On this day in 1879, Claude Carr Cody became professor of mathematics at Southwestern University in Georgetown. This Georgia native, born in 1854, taught and served Southwestern for thirty-seven years. He was also Southwestern's first dean and at various times manager of the dormitories, secretary and chairman of the faculty, secretary of the executive committee, treasurer of the university, and librarian. Known in his later years as the "Grand Old Man of Southwestern," he was "a leading candidate for the honor of being the most beloved teacher in the history of the institution" and was twice its acting president. In 1910-11 Cody led the successful fight against a proposal to move the university to Dallas; Southern Methodist University was founded in Dallas instead. Cody died in 1923. In 1939 the Cody Memorial Library was completed and dedicated to his memory.
On this day in 1853, John McMullen, cofounder of the McMullen-McGloin Colony, was murdered by an unidentified assassin in San Antonio. McMullen, born in Ireland in 1785, was a merchant in Matamoros, Tamaulipas, when he was attracted by the 1825 colonization law of Coahuila and Texas and became an empresario. He entered into a partnership with James McGloin, and they received a contract in 1828 which authorized them to settle 200 families on the left bank of the Nueces River. McMullen and McGloin personally accompanied the first group of Irish colonists from New York to Texas in October 1829. The Irish remained about a year at Nuestra Señora del Refugio Mission and then moved to San Patricio. During the Texas Revolution McMullen was a member of the General Council. He was fluent in Spanish and translated for the provisional government; upon the impeachment of Governor Henry Smith he served in January and February 1836 as temporary president of the council. After the revolution he moved from San Patricio to San Antonio, where he served as alderman from 1840 to 1844. In 1844 he sold the majority of his San Patricio holdings to McGloin and became a merchant at San Antonio.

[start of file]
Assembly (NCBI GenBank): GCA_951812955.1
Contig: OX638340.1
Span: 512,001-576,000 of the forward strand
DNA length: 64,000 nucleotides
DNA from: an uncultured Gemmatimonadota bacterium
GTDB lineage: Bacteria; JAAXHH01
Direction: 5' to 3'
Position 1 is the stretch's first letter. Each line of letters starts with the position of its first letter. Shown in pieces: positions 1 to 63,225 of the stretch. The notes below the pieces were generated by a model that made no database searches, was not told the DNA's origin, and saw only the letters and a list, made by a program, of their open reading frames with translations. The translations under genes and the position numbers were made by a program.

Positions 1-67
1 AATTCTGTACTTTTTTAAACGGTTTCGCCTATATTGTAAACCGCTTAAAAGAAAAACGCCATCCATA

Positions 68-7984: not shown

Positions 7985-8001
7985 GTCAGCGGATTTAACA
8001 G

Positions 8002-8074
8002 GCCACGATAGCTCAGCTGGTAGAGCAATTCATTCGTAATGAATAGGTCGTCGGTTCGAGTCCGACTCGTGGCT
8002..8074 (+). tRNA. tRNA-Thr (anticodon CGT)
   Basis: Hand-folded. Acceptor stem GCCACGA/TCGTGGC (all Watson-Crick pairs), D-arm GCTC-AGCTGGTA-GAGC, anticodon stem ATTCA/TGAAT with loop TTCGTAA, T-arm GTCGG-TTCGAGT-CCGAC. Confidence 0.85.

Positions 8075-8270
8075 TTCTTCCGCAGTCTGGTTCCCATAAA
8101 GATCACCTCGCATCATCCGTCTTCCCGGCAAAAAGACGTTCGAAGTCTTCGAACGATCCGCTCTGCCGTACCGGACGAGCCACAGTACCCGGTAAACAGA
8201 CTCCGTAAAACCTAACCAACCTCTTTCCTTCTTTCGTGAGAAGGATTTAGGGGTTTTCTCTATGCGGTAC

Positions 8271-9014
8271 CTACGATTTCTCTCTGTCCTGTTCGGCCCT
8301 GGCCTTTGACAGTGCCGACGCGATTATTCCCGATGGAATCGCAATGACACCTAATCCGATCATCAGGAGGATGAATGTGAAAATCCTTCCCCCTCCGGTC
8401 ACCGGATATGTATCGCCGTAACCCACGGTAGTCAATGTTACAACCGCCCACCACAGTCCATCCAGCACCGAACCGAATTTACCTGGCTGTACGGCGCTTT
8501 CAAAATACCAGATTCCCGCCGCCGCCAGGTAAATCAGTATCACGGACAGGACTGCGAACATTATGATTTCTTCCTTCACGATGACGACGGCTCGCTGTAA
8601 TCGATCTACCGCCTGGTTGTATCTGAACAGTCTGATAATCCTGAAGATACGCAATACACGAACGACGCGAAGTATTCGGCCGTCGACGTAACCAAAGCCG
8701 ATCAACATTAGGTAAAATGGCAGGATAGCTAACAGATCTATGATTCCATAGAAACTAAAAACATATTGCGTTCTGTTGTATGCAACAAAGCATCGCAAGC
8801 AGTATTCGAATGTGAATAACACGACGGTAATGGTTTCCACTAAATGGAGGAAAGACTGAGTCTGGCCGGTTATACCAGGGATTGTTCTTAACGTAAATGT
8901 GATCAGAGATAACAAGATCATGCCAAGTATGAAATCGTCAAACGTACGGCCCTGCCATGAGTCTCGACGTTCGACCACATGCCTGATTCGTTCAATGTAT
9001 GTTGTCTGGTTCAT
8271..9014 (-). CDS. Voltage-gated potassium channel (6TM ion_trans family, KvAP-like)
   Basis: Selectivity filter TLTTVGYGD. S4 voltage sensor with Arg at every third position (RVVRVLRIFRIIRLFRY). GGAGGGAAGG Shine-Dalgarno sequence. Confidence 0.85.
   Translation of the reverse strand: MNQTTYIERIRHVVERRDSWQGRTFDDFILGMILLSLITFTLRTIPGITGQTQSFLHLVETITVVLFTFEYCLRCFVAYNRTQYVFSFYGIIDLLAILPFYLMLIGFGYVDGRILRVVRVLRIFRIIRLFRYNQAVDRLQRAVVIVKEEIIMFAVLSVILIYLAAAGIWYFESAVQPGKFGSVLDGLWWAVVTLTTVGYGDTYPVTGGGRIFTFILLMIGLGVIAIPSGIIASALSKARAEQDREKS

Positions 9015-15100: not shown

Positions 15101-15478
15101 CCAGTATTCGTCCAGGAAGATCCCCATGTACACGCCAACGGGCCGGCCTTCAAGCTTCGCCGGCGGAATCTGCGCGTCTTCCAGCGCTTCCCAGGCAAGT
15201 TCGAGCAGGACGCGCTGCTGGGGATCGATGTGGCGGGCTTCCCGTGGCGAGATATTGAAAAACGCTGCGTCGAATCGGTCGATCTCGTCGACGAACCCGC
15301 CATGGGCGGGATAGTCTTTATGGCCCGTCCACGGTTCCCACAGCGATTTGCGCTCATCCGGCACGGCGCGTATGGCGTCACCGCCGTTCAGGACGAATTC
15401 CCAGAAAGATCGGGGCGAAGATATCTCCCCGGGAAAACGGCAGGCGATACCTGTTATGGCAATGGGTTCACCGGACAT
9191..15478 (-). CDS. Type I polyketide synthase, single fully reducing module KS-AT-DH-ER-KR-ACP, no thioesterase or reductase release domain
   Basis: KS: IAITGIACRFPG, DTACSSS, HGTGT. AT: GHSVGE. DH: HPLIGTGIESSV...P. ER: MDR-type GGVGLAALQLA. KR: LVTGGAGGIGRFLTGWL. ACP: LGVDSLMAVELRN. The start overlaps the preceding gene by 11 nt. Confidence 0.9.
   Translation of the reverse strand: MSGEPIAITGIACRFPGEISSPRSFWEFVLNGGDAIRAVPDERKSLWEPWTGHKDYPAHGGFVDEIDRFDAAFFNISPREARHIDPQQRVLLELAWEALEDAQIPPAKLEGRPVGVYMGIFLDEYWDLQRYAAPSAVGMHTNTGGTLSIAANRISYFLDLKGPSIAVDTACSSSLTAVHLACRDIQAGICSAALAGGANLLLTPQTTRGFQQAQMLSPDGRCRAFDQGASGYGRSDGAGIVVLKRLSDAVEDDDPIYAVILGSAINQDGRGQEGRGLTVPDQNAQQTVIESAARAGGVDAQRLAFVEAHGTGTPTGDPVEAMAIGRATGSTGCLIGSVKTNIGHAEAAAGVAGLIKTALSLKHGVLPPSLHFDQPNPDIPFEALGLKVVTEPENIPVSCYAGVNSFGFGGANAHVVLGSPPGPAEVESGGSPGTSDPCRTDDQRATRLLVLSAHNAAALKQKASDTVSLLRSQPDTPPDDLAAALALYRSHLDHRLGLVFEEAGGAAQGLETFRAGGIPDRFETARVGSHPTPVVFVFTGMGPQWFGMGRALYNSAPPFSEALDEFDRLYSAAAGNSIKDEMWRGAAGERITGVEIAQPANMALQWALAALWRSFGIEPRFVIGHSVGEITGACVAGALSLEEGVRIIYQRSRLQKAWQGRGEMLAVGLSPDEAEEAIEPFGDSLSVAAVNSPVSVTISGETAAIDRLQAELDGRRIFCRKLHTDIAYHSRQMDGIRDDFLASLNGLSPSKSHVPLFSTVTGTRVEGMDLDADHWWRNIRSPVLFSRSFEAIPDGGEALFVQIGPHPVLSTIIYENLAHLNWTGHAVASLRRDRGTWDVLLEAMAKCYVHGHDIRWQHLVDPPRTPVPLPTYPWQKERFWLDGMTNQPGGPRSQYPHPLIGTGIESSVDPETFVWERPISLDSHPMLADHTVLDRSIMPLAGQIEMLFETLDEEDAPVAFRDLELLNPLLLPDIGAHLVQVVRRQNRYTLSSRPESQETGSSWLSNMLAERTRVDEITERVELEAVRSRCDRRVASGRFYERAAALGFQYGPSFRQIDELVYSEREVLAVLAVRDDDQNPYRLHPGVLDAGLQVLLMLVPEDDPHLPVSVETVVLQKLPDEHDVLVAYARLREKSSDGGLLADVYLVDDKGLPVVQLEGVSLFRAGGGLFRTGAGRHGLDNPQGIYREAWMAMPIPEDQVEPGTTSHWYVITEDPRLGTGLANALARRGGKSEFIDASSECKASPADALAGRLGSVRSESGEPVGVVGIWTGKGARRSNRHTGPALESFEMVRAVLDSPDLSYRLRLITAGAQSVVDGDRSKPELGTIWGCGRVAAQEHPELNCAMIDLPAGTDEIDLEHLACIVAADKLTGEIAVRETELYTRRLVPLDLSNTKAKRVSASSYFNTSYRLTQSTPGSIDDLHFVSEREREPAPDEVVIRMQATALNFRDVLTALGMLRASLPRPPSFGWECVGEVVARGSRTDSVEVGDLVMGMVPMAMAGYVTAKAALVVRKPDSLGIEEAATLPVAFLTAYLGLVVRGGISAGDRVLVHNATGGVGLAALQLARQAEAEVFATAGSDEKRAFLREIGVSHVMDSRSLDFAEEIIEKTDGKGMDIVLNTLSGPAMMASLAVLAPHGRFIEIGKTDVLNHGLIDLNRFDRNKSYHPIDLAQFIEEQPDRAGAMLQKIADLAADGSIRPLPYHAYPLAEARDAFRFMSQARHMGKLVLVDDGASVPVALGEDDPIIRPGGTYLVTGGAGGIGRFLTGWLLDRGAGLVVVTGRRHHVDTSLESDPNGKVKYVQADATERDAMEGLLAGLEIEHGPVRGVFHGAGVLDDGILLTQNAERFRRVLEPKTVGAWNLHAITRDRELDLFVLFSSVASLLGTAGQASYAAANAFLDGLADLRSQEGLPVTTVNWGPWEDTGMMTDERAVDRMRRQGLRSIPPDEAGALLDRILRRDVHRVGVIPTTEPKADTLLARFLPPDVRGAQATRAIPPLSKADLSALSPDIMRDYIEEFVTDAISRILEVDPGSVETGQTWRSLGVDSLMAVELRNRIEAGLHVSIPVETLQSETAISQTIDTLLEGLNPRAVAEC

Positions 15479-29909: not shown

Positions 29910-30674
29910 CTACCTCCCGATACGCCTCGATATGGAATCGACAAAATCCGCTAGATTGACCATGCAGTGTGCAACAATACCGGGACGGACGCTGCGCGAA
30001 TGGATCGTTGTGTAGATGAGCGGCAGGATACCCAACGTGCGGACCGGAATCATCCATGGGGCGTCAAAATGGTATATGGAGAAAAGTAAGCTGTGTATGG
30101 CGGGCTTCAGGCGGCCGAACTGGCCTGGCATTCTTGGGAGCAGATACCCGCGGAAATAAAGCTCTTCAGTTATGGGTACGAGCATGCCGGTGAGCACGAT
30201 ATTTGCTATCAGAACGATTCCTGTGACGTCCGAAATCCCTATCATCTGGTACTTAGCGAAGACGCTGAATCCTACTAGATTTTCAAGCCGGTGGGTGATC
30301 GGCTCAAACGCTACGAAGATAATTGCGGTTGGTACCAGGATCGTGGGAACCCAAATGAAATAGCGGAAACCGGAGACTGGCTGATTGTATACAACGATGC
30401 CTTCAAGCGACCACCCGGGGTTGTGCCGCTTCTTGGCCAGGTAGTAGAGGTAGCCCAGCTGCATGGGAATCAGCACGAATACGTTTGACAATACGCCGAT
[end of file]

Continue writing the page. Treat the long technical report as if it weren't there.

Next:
On this day in 1881, the first issue of the San Antonio Light was published. The original appearance of the paper was heralded in an occasional paper called the San Antonio Surprise, a four-page sheet which explained the necessity for a lively daily devoted to the issues and interests of San Antonio. The Light was first published as a daily, except Sunday, at the office of the Texas Sun, which was published by A. W. Gifford and James Pearson Newcomb. In 1890 the paper was described as the only Republican daily in Texas, but after 1911, when Harrison L. Beach and Charles S. Diehl bought the paper, the Light became liberal-Democratic in its political views. In 1924 William Randolph Hearst bought the Light and by 1945 the circulation had climbed to 70,000. In 1972 the Light, with a daily circulation of 122,292 and a Sunday circulation of 160,905, was one of the leading Hearst newspapers in the United States. By 1987, however, it was operating on a deficit, and in October 1992 the Hearst corporation, after purchasing the rival San Antonio Express-News, closed the Light.
On this day in 1944, the Thirty-sixth Infantry Division, nicknamed the "Texas Division," began its "two-day nightmare," the crossing of the Rapido River in Italy. General Mark Clark needed pressure on the German defensive line below Rome to prevent the Germans from counterattacking the projected Allied beachhead at Anzio. Further, an Allied breakthrough into the Liri valley would facilitate the march toward Rome. The Rapido’s swift current and muddy banks, together with the lack of adequate boats and bridging equipment, compounded the difficulties—not to mention the strong German defenses. The division suffered heavy casualties, including 143 killed, 663 wounded, and 875 missing. The division participated in the continuing Italian campaign, including the liberation of Rome, and went on to invade Southern France and advance into Germany.